• Overall, Star was right. It was amazing, and you can't ever hate on floating magically in the air during sunrise. It's always magical, no matter what's below you. Also, $25. 

Fun Facts of the Day:
  • Two big things Egyptian men seem obsessed with: tea and smoking (shisha, cigarettes, whatever really). I think I've been offered a cigarette more times in the past week than in my entire life combined. The tea thing, I'm more than ok with because...tea.  And the shisha comes in very exotic flavors like strawberries & cream.  But seriously, you give an Egyptian man anything more than 10 minutes......and he will be beelining to the nearest cafe to gulp down a tea and puff away at a shisha, before heading to the next locale.
  • For some reason, it is downright impossible to get change here. Even for a small bill, vendors/restaurants/shops will hassle you to give exact change because they usually don't have change. Not sure where all the exact money I've been paying goes to.

MVP of the Day:
I've mentioned him several times above, but MVP goes to my guide Star for the day.  I guess he wasn't exactly my guide - he was the in-between guy who picked me up from the train station, would shuttle me to my tours (where there was a separate, actual tour guide), give me logistics information, etc. Star was the one who would try to sell me more tours, and who would always show up in a cab to take me from one place to the next. Really, he was more like my keeper for the time I was in Luxor.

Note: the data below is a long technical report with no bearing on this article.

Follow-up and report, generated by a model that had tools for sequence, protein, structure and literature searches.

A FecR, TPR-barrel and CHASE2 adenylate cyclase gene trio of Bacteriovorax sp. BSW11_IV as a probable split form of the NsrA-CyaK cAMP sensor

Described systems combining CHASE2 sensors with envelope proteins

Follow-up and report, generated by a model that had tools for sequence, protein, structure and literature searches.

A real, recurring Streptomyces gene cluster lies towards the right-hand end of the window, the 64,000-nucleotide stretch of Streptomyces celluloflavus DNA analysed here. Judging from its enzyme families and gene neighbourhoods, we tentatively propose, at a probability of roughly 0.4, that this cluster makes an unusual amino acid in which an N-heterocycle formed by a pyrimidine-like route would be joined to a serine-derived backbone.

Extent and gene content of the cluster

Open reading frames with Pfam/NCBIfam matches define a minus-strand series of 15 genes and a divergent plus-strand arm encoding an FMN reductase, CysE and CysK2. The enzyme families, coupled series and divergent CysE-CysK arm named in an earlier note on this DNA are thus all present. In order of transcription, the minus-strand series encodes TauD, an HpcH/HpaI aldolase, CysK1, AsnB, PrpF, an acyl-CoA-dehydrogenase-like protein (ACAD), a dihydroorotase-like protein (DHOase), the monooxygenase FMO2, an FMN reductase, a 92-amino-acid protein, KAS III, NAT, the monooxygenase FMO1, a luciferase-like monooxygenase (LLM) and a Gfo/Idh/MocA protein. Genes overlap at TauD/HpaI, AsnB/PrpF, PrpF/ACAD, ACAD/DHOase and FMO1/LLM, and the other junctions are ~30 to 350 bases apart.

Anyhow, Star and I became buddies. He began to take me with him to the cafes in between his stops and would always buy me tea while he puffed away on a shisha. He taught me Arabic words to pick up girls (so if any of you Arabic ladies are interested....). He noticed that I use the word "fancy" a lot, and when I taught him what it means, he began to use it just as frequently as I do (I was marveling over the seat cushions in one of our taxis, and he was like, "it's fancy, right??").

When I first arrived, Star commented on how many bracelets I have. He asked me where my Egypt one was, and I said I hadn't found one yet. The last day when I left Luxor, he showed up at my hotel to take me to the train station, and he gifted me a bracelet!  He said his mom had made it. Keep in mind this is like a 40-year old man.  It was the nicest thing ever, and I could not have had a better keeper than Star.

First things first, I realize this situation is completely out of control. But the black one is the one gifted from Star and Egypt. (Also, I kind of refuse to show you the other wrist....)